Walking to Burgh Island at Low Tide
A View of Burgh Island
At low tide the island, only 200 m from the shore, may be approached on foot. At high tide, the Sea Tractor operated by the hotel provides a ferry service. This unusual vehicle was originally constructed in 1930; the current, third generation tractor dates from 1969. The vehicle drives across the beach with its wheels underwater on the sandy bottom while its driver and passengers sit on a platform high above. Power from a Fordson tractor engine is relayed to the wheels via hydraulic motors.
The early history of the island is unclear, however it is mentioned in early records and on maps as St Michael's Island. Later the name changed to Borough Island, eventually being corrupted to Burgh. It is believed a monastery was established on the island, most of the remains of which may lie beneath the current hotel. The ancient Pilchard Inn may have started life as the guest lodgings for the monastery.
A small, perhaps transient, population of fishermen occupied the island following the dissolution of the monastery, specialising in pilchard fishing. The hue and cry hut on the summit was used as a lookout for shoals of fish. During this period smuggling, wrecking, and piracy were common, benefiting from a natural barrier for half the day. The most notorious pirate, Tom Crocker, still haunts the island searching for his buried booty according to legend.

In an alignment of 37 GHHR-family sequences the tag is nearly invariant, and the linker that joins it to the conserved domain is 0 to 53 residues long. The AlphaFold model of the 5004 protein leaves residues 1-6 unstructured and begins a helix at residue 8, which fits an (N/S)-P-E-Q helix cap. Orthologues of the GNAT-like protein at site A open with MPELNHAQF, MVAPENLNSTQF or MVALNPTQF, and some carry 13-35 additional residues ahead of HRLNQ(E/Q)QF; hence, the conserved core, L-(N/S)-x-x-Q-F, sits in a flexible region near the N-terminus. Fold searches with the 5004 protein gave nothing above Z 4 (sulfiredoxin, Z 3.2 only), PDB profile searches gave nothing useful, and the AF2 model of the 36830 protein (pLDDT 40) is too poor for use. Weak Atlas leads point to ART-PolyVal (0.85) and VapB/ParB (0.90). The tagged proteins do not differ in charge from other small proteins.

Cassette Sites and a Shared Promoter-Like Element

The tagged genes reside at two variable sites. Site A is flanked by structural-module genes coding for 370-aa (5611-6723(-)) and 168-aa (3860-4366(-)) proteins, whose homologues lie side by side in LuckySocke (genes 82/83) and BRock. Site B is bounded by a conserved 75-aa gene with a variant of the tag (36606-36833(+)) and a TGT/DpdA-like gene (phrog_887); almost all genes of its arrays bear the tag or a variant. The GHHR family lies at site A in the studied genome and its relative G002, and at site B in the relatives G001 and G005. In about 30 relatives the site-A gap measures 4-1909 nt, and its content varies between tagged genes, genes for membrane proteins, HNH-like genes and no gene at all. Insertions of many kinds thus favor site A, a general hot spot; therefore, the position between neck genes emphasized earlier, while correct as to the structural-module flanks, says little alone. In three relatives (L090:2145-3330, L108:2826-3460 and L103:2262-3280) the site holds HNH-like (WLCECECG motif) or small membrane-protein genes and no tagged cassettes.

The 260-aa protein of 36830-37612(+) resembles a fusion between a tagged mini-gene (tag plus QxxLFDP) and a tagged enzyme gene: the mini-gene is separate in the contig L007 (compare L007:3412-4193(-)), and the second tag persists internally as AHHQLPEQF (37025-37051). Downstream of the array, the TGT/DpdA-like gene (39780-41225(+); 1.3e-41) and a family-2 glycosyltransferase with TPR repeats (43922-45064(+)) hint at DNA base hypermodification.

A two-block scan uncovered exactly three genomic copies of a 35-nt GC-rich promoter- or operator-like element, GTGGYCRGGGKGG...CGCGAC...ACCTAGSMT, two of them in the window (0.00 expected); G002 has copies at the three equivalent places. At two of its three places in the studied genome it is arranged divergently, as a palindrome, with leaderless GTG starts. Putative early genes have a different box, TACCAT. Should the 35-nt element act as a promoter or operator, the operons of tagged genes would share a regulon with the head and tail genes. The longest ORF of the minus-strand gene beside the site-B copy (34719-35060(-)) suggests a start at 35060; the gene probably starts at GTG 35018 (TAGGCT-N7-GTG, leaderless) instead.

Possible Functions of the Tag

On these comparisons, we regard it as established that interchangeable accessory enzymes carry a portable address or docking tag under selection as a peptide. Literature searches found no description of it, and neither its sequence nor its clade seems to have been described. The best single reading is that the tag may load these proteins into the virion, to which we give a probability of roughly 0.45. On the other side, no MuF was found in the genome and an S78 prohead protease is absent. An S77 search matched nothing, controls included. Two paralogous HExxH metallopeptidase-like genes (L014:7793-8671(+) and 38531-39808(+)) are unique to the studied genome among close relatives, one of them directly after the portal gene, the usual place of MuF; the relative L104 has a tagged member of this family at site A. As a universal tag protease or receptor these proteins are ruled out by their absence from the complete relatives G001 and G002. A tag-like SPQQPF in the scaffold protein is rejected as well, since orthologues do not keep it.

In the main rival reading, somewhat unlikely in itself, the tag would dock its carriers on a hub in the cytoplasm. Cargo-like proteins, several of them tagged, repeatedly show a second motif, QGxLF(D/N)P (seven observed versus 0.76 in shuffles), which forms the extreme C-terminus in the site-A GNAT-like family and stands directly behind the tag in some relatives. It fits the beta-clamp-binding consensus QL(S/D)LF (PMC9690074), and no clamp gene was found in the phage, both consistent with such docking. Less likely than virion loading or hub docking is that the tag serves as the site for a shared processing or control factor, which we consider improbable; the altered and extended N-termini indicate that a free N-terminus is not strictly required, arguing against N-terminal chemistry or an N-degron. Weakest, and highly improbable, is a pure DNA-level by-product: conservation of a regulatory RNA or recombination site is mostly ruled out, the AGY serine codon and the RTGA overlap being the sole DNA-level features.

Fears of German landing forces using the island as a beachhead resulted in the area's fortification with anti-tank defences as well as two pill boxes, positioned on either side of the causeway. An observation post was also established on the summit to monitor the coastline.
 Burgh Island Hotel
During World War II, the hotel was used as a recovery centre for wounded RAF personnel. The top two floors of the hotel were damaged by a bomb during the conflict. Despite being repaired, it suffered a period of post war decline after being converted to self catering apartment accommodation. The hotel has now been restored to an Art Deco style. A previous owner, Tony Porter, has written a book on the restoration of the island and hotel - The Great White Palace.
 Famous Visitors
Burgh Island is closely linked to Agatha Christie, as it served as the inspirational setting for both And Then There Were None as well as Hercule Poirot mystery Evil Under the Sun. The 2002 TV adaptation of Evil Under The Sun used the island as a filming location. Several scenes from the BBC’s 1987 dramatisation of Christie’s story Nemesis were shot in the Burgh Island Hotel, as it was felt that the location was ideal for the film. In 1994 an episode of the television series Lovejoy was set and filmed on the island. It was entitled 'Somewhere Over the Rainbow'. The island was also the location for GMTV's Inch-loss Island slimming feature in 2008, as it was for the original series in 2001. The climactic scene of the 1965 British film "Catch Us If You Can" (featuring The Dave Clark Five) takes place at the island.
Other famous visitors to the Burgh Island Hotel have included The Beatles who used the hotel when they were playing a concert in Plymouth, well away from their passionate fans. Noel Coward visited the hotel, intending to stay three days and ended up staying three weeks. Other guests who have reputedly used the hotel include Edward and Mrs. Simpson and it is said that Eisenhower and Churchill met there in the weeks leading up to the D-Day invasion.
Nicholas Charles Middleton is the current record holder for the swimming race around the island. He set a time of 16 minutes in 2006.
(Copied From Wikipedia)